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This is a survey that helps people discover their highest values, passions, and talents
Submit your tip and we will review for some language about the process.
Ask people how they liked this exercise. Did it shine light upon their priorities? How did it connect with their time audit (the previous activity)? Did people find that they spend most of their time doing what matters most? Or do they find that they are always busy spending time on things that don’t really count. In other words, do they find that they are killing time? (Thoreau famously said that one could not kill time without injuring eternity. He also said, “It's not enough to be busy; so are the ants. The question is: what are we busy about?”)
The research is clear: We should spend our time in your zone of genius – doing what we love, and playing to our strengths! We will be far more productive and happy.
Of course, some participants will retort that this is difficult, if not impossible. We all have to do a lot of chores that we don’t like, and which we’re not good at. That’s why the statement above is meant to be a north star. People should strive to spend as much time in their zone of genius as possible.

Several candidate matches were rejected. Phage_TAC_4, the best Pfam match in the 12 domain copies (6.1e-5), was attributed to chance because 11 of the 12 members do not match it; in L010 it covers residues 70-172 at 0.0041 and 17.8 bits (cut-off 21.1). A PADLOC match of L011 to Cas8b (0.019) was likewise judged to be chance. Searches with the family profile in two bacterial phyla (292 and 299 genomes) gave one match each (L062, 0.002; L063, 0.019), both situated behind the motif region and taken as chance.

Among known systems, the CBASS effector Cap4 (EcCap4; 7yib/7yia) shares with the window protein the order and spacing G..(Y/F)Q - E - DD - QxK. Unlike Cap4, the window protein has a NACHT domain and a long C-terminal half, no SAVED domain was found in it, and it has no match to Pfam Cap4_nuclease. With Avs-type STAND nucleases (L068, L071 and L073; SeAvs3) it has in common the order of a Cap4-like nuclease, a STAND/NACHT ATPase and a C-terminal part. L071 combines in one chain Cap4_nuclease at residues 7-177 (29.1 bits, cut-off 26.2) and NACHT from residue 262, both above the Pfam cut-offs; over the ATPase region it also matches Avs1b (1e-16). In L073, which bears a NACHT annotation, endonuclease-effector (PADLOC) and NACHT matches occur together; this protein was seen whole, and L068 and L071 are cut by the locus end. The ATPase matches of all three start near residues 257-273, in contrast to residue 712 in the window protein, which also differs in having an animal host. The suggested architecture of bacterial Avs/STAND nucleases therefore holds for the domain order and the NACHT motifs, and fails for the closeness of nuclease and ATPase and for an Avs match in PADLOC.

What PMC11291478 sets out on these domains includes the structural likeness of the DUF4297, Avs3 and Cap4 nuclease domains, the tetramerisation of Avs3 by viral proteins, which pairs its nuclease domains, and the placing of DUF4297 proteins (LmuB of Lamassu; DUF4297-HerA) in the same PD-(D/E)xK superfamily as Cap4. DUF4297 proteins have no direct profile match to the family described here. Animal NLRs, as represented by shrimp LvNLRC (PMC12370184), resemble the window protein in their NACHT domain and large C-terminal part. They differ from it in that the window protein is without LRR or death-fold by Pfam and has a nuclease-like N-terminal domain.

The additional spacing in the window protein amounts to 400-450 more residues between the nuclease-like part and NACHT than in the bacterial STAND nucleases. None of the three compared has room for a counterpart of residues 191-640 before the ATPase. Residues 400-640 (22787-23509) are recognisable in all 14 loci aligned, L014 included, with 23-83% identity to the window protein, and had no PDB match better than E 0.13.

According to MacArthur Genius Angela Duckworth: “Psychologists have found that asking people to reflect in writing on their core values has miraculous effects on motivation.” For example, a study by Stanford Professor Geoff Cohen and UC Santa Barbara Professor David Sherman suggested that having students write about their values significantly increased academic performance, relationships, and health for several months – or even years – afterward! This is similar to findings about the benefits of reflecting on your strengths and talents. As author Tom Rath says, research from Gallup “reveals that people who focus on their strengths every day are six times as likely to be engaged in their jobs and more than three times as likely to have high levels of overall life satisfaction.”
This comes from Becky and Christine Margiotta at the Billions Institute, inspired by Kathryn and Gay Hendricks. We have adapted it slightly here.
Cohen, G. L., & Sherman, D. K. (2014). The psychology of change: Self-affirmation and social psychological intervention. Annual Review of Psychology, 65, 333-371